tanzschreiber : writing on dance : diversity as divergent aesthetic ideals courtesy of wayne mcgregor

Diversity as Divergent Aesthetic Ideals

Wayne McGregor brings his virtuosic choreography to Berlin audiences for the first time at the Haus der Berliner Festspiele from August 17th to 19th.

 

For the 30th anniversary of Tanz im August, Artistic Director Virve Sutinen aims to reach out to new audiences, and, she acknowledges, “one cannot reach out for new audiences without revising the programme lines by including different aesthetics, styles and proposals.”* Diversity has been a key feature of this year’s festival, with works by artists at different points in their trajectory, from different locations and working contexts, and with very different ideas about form, content, and the making of art.

One of these artists is Wayne McGregor, who, though totally famous in his own England, makes his Berlin debut. Formerly known as Random Dance, Company Wayne McGregor is unique in their virtuosic movement research and their trademark angular, spiralling vocabulary. McGregor has also choreographed for some of the world’s biggest ballet companies where he has brought unusual shape and form, loud music, and various colour palettes to big and spectacular, albeit still tailored and contemporary, effect.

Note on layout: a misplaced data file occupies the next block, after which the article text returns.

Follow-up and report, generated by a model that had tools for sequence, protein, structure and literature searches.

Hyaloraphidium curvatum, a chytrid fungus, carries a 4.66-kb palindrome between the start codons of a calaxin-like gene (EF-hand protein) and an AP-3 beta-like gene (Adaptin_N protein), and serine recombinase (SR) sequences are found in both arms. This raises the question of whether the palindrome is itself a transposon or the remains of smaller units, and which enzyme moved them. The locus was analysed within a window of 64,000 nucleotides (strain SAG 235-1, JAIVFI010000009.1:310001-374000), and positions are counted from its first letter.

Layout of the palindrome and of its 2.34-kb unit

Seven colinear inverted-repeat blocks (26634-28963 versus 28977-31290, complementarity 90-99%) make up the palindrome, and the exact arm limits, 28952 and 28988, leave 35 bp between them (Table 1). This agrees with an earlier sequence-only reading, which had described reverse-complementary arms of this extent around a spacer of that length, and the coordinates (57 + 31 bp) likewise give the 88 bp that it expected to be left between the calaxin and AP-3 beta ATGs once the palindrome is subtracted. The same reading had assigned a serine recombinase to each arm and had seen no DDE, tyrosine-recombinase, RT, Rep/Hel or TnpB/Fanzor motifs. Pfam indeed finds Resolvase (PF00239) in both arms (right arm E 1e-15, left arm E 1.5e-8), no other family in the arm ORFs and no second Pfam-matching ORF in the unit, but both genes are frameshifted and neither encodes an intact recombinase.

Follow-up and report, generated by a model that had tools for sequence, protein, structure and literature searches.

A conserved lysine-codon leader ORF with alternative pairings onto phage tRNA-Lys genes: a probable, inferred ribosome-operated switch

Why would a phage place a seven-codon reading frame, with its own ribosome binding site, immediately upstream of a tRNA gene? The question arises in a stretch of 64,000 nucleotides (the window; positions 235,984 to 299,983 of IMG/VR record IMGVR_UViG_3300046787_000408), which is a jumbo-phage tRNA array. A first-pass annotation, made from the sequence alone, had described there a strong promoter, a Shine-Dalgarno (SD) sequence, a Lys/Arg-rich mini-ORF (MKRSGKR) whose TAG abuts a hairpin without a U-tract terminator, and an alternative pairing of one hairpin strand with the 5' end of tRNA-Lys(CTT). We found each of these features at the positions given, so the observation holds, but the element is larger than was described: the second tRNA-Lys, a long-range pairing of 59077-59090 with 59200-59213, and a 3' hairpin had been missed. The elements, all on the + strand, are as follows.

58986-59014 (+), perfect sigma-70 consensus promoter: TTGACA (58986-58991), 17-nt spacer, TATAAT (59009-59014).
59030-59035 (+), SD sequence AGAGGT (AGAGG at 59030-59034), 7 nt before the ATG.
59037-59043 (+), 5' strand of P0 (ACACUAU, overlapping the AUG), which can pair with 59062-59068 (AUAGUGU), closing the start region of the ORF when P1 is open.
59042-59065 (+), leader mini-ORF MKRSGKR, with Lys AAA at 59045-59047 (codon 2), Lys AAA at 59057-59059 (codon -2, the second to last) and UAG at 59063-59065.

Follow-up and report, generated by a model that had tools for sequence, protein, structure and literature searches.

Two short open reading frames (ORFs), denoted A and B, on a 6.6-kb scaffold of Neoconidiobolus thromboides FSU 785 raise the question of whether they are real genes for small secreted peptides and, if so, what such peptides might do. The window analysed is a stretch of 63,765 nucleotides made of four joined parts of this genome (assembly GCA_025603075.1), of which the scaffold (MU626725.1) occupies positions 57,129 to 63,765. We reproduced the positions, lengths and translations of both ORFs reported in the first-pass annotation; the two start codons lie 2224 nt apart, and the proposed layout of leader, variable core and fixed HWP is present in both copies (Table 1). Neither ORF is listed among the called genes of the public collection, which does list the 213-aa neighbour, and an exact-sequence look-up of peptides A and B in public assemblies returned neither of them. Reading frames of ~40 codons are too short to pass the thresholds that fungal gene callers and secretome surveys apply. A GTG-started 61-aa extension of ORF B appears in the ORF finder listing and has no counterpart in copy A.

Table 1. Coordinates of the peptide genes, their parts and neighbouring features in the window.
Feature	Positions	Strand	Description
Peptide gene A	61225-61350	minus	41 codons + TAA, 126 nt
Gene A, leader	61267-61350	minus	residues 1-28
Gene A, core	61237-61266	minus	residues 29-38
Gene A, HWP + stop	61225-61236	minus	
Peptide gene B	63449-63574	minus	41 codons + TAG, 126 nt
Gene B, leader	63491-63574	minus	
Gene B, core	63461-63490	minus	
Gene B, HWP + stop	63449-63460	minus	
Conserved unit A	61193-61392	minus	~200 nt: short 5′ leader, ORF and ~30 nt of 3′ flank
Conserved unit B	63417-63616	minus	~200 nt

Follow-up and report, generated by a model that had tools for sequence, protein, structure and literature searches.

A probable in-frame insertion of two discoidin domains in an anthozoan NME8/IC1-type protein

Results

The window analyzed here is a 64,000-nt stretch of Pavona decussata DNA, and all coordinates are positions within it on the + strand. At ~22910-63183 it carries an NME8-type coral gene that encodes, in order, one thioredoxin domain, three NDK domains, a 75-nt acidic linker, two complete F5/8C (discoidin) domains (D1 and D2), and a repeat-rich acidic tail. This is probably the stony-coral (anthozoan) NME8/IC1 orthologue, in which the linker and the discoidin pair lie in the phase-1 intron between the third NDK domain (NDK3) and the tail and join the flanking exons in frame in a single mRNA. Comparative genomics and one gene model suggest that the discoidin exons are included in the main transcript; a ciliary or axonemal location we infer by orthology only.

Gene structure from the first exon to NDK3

For Tanz im August, the company premieres “Autobiography”, the first in a series of work which aims to intercept, and forge dialogue with, concepts in science through choreography. For this venture, McGregor has focused on DNA coding, taking the opportunity to be inspired structurally and thematically. Thematically, the work revolves around 23 scenes (the number of chromosomes in DNA) from life, which include “knowing”, “instinct”, “aging”, and “sleep”, amongst others. Structurally, inspired by Cunningham, McGregor and his team made an algorithm out of his own DNA sequence (wrought by researchers at Utrecht) which then determines the sequence in which the choreographic fragments will be danced: each performance is played out uniquely, including not only the order of scenes, but who is dancing which roles, and even if some sections are done “forward” or “backward”, all rehearsed just two or three days in advance.

To watch such an enterprise is at one impressive, and rather baffling. Though the piece is bookended by the themes “avatar” and “choosing”, we jump between every other section in a way that feels not always exciting but sometimes simply disjointed. Though the very point may be this randomness, a nod to the way our genetic make up combines, choreographically it leaves us excluded from a greater narrative or sense of being. In particular, the trappings of the set – the showy lights, the moving ceiling, the extreme sound, so often all pitched at great intensity – are thick, and seem to make us unnecessarily distant from the theme of life, the human body, and the human experience. What we get instead is massive showmanship, and, as such, remain very far removed from the work, if dazzled.